We have summarised in this posting the main changes to business tax that are now enacted:
1.Corporation tax rates will be reduced to 19% from 1 April 2017 and 18% from 1 April 2020.
2.A new clause, not included in the Summer Budget, was added to the finance act. Any restitution interest paid by HMRC after 21 October 2015 will be taxable at a special 45% tax rate. No reliefs, such as losses, can be set off against this tax. It is likely that this new tax charge will be challenged in the courts.
3.Tax relief is nolonger available for the amortisation of goodwill acquired or created by a company on or after 8 July 2015.
4.The annual investment allowance has been set at a new permanent level of £200,000. This new limit will apply from 1 January 2016.
Business tax measures that were not in the act, but will likely be introduced in future finance bills include:
1.Large businesses will be required to publish their tax strategy and a voluntary code of practice will be introduced setting the standards that need to be observed.
2.Larger companies, turnover in excess of £20m, will be required to speed up the payment of their corporation tax. Payment will need to be made in the third, sixth, ninth and twelfth months of their accounting period. Legislation is expected to introduce this change for all accounting periods starting after 1 April 2017.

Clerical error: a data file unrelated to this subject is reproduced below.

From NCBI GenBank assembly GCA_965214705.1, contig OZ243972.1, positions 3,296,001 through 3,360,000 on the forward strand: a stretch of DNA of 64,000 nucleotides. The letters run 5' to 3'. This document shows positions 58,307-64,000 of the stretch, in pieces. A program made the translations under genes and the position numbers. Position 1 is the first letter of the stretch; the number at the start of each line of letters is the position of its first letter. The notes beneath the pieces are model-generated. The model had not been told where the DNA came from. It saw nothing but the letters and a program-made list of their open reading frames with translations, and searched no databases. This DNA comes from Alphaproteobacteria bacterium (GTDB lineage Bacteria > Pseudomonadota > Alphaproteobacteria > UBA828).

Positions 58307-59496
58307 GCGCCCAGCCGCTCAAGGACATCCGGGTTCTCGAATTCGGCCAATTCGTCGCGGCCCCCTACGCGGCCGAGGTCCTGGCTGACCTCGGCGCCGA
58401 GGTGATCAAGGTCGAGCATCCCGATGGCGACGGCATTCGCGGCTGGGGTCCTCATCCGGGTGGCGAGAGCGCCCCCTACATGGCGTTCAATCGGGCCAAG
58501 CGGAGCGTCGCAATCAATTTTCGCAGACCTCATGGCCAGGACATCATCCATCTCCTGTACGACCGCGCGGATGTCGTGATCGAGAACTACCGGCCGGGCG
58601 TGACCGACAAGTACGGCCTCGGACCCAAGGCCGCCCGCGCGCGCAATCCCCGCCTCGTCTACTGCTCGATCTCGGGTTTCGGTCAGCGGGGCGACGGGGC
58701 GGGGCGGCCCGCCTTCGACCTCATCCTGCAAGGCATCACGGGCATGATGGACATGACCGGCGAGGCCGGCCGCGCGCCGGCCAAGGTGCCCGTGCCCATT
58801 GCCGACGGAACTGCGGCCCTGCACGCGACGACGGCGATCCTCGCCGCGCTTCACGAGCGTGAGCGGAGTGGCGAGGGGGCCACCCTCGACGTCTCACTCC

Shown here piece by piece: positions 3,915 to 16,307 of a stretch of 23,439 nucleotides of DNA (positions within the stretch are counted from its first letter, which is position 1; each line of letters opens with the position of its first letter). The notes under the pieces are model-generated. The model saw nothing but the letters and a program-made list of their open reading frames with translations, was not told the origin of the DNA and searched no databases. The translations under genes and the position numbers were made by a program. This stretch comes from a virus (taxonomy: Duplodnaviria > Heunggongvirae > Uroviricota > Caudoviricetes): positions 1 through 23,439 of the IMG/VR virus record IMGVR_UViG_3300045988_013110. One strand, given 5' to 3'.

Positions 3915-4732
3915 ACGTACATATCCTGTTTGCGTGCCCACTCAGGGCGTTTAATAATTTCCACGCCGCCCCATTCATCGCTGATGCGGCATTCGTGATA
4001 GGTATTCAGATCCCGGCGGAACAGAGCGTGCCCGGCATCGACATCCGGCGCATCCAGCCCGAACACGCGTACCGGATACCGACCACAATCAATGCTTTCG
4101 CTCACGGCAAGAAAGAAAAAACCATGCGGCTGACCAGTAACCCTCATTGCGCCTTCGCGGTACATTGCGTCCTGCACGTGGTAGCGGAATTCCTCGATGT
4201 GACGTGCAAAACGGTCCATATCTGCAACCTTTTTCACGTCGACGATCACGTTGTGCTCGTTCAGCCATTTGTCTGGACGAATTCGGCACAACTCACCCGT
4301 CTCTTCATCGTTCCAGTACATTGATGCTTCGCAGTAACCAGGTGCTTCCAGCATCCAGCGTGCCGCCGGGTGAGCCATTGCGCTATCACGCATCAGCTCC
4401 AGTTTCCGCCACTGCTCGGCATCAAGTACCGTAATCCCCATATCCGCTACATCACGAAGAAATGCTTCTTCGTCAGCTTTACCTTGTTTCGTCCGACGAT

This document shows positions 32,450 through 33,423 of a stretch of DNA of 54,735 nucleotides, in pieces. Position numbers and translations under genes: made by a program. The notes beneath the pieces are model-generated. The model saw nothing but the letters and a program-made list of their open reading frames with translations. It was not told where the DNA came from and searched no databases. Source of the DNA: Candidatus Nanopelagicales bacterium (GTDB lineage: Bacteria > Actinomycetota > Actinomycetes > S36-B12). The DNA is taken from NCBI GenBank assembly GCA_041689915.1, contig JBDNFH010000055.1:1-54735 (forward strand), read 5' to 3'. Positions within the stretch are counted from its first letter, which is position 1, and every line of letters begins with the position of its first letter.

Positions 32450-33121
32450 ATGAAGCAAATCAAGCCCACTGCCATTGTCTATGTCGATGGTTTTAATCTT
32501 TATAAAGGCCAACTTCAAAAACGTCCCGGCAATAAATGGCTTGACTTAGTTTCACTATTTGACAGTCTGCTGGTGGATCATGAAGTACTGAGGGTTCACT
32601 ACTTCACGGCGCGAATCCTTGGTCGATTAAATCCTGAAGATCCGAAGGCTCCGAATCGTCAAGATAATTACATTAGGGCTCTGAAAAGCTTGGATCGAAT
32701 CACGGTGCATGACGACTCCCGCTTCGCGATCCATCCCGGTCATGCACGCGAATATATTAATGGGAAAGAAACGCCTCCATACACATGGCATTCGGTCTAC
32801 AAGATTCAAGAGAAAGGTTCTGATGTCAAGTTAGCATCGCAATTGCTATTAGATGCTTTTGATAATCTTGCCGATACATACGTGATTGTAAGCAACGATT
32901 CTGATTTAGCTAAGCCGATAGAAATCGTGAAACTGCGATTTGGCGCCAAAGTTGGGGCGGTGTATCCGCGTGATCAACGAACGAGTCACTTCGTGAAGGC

Finally, there are a number of measures that were included in the summer finance bill that have been withdrawn and are now subject to consultation. They are:
1.The abolition of the £8,500 threshold for benefits in kind.
2.The introduction of a payrolling facility so employers can report and pay tax from benefits in real time.
3.The replacement of the benefits in kind dispensation with an exemption for certain expenses.
4.HMRC is also exploring changes to the IR35 legislation to make it more effective from the exchequer’s point of view.
This week, 25 November, George Osborne will be outlining his plans in the autumn statement.